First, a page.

The musical idea for the piece has its basis in the exploration of a set of ratios through synthetic and natural sound. The ratios are derived from an analysis of a bell timbre which is presented in the first 10 seconds, and are used in various ways to structure nearly the whole piece. The first part is realized through synthesis only, and the ratios have been used to generate several «generations» of sine tones. These frequencies have been organized in a variety of combinations and structures, and form the core of the first nine minutes of the piece.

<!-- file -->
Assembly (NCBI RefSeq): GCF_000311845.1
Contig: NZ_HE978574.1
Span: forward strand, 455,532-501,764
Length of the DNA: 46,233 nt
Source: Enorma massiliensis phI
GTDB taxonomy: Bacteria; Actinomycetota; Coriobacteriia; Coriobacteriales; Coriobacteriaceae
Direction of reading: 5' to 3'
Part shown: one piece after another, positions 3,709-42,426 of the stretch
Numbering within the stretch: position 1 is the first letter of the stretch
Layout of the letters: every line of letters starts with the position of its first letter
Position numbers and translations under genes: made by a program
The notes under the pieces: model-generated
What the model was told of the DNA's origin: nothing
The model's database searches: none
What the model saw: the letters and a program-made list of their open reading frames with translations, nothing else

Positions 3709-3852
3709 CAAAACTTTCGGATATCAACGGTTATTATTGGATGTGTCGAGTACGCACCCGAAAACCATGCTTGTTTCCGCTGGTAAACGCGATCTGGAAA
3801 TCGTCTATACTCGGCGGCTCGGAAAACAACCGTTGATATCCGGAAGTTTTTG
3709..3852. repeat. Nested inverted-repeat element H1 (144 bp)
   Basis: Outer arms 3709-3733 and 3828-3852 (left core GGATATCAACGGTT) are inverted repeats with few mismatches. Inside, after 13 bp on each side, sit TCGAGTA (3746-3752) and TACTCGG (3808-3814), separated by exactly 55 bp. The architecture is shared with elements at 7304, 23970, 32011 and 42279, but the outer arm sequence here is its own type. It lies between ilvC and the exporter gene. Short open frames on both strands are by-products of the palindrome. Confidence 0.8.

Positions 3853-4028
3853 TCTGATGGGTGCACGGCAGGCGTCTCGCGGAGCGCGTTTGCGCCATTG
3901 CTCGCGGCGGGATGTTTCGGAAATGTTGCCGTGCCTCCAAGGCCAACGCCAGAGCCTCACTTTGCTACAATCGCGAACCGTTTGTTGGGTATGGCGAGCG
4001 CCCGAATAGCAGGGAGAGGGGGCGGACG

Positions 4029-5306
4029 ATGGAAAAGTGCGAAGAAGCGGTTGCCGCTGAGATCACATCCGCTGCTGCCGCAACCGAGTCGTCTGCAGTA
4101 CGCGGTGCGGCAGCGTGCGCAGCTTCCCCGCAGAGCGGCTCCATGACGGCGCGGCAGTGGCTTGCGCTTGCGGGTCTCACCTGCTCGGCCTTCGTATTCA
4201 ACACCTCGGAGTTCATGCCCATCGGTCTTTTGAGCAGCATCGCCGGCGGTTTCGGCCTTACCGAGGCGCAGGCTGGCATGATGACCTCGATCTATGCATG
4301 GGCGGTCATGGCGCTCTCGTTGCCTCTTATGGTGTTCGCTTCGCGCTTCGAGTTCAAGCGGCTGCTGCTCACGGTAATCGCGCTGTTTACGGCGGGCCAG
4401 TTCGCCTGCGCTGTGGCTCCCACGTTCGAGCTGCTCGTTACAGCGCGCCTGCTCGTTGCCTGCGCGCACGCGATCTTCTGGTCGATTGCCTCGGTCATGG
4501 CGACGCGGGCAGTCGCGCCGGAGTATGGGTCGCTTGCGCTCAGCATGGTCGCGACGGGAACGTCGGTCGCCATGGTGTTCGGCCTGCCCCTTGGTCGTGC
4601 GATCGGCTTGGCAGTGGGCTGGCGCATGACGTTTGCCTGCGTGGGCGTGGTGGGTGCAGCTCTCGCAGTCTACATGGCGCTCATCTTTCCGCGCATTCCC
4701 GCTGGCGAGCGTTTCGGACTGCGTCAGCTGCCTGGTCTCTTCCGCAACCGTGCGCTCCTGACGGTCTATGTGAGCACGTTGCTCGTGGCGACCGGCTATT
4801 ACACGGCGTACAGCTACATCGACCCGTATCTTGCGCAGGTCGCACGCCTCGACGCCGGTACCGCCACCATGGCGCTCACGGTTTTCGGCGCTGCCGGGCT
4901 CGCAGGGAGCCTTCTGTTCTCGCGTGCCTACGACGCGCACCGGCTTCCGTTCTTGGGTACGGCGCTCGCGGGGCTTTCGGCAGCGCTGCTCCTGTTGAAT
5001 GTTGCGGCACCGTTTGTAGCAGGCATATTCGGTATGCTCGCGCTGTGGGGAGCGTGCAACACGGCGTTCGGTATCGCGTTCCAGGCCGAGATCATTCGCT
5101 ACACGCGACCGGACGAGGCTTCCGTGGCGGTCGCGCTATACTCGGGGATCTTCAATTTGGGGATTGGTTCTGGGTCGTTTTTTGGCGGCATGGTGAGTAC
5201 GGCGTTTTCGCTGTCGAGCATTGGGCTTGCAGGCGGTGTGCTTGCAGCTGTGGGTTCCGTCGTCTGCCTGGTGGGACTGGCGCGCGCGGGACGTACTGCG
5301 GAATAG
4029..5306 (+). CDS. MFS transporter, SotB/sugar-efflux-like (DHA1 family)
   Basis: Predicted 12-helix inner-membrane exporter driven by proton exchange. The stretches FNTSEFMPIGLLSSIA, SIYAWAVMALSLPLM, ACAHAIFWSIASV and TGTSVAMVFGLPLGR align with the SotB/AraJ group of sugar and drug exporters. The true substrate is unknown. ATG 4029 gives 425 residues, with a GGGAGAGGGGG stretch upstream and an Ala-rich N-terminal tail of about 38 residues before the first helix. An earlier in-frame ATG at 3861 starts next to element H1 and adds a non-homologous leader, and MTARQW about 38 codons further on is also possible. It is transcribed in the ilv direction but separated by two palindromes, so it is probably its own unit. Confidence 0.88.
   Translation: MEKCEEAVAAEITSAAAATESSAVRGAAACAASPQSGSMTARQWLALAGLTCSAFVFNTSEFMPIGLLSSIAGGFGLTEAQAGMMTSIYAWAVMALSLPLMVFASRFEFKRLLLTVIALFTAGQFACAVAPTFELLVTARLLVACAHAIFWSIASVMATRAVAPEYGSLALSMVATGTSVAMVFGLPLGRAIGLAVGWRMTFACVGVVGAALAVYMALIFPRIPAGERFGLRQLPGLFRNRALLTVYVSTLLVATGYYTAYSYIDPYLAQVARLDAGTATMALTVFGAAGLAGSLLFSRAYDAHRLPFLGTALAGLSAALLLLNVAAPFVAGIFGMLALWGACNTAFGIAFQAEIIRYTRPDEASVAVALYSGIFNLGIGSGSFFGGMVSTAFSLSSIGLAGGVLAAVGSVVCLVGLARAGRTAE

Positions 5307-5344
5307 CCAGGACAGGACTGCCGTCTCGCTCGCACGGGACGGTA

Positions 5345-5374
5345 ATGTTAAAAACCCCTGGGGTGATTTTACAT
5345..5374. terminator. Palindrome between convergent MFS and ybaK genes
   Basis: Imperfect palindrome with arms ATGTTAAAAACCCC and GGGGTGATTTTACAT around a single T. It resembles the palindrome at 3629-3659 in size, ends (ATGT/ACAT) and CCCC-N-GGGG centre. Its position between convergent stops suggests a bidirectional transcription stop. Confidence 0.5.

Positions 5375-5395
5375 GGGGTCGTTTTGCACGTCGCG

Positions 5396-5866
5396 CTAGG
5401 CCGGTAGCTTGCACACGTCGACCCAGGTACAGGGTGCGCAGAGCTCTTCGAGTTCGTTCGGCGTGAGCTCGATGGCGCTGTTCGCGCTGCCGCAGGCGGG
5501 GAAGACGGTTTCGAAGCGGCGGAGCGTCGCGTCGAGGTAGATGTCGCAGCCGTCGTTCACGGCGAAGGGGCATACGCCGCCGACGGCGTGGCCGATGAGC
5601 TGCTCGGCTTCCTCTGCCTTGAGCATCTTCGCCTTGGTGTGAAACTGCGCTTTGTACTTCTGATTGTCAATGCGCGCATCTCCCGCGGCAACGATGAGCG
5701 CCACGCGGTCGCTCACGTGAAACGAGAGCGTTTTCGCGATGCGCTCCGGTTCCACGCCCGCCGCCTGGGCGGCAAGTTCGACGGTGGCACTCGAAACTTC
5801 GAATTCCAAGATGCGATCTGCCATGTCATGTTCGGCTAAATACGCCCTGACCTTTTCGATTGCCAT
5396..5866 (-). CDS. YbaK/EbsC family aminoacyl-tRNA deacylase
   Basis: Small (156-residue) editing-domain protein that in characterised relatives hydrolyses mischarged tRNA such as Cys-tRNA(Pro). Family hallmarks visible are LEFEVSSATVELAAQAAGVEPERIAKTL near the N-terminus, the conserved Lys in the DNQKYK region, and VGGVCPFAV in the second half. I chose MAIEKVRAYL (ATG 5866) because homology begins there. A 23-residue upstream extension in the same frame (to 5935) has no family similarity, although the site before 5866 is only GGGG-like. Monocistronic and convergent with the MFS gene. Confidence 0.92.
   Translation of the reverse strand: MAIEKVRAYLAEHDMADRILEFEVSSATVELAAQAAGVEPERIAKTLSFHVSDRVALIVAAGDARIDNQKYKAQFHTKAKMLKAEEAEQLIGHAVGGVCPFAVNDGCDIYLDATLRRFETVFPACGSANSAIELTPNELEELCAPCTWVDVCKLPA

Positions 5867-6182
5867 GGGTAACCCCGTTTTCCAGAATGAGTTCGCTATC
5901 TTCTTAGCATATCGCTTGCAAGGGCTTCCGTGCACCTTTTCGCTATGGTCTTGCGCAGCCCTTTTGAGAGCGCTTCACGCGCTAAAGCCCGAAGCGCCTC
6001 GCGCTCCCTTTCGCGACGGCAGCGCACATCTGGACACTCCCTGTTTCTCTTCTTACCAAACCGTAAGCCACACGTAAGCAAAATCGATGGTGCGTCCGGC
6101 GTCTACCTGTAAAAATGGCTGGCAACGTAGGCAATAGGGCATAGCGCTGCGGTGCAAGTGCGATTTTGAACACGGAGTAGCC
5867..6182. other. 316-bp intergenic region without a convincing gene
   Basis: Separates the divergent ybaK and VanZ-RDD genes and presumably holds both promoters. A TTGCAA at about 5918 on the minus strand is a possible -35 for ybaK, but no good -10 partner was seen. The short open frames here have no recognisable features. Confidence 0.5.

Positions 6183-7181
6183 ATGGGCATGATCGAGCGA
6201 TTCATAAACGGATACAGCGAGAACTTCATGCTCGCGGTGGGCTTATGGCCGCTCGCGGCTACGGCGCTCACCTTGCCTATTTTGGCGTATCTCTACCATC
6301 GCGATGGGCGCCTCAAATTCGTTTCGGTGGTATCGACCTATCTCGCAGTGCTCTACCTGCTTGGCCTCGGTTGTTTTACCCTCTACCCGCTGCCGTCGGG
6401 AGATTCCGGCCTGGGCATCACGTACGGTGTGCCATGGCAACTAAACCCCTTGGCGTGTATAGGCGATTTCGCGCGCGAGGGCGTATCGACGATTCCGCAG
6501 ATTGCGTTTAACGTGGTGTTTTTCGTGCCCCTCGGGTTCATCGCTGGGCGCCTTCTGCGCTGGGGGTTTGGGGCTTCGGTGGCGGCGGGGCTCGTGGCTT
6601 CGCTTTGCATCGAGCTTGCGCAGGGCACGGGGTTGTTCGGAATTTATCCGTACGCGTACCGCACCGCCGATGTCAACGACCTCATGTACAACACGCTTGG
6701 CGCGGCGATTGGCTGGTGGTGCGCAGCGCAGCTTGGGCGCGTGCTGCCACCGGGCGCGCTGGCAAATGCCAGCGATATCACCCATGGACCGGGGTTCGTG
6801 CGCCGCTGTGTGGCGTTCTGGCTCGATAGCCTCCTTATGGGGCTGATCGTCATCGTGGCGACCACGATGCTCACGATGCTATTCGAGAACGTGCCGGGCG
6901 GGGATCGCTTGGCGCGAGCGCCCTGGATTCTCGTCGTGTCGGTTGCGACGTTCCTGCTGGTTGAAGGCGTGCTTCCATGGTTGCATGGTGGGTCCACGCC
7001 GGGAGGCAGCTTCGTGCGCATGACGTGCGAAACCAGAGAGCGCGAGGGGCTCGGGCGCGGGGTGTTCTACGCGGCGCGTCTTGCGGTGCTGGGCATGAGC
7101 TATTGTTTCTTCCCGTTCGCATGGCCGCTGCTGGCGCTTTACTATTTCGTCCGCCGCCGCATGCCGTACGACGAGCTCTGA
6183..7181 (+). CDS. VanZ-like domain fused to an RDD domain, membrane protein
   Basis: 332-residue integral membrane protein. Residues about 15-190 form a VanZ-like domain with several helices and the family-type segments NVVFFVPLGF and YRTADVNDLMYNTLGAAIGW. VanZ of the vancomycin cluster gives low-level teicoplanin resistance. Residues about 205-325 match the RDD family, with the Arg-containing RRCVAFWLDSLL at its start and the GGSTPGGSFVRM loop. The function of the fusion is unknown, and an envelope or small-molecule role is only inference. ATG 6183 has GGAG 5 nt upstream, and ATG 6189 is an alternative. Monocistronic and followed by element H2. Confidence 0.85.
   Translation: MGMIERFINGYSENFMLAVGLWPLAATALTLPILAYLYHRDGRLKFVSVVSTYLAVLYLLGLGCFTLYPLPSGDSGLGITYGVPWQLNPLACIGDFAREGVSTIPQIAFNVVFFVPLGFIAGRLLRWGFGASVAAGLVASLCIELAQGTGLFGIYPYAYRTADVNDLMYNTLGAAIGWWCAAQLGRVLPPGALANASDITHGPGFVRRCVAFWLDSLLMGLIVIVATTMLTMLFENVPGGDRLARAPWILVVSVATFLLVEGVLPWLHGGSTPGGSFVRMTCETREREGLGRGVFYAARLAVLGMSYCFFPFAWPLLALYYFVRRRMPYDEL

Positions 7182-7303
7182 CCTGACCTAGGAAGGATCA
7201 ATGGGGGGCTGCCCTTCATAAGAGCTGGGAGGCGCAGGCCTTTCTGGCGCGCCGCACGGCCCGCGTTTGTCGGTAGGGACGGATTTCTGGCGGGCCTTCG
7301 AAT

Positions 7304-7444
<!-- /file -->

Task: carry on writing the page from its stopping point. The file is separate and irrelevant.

The introduction of natural sound in the middle of the piece makes it difficult to discuss «pure» ratios. The recorded material used is approximately 3.5 seconds, and most of the material stems from a recording 1.25 seconds long. The timbres of the piece are composed without regard for the references imbedded in the recorded material (voice sounds from my at the time 2-year old son, where he toys with language when looking at a screen-saver of the domestic Mac), but with a strictness in relation to the ratios. The processed sounds appear in many layers, where the treatment of each layer has varied according to the ratios. A principal idea has been to «comb» noise-rich sounds, in order to create movement in and out of the (in)harmonic spectrum of the bell presented at the outset of the piece. Several kinds of granulation have been applied, and the numbers determining grain duration and density have been derived from the ratios. There are close to forty such granulations. The effect is most noticeable in the region 10:30 to 11:30, where the sounding timbre slowly changes from a «jumping» quality to a «shimmering» quality.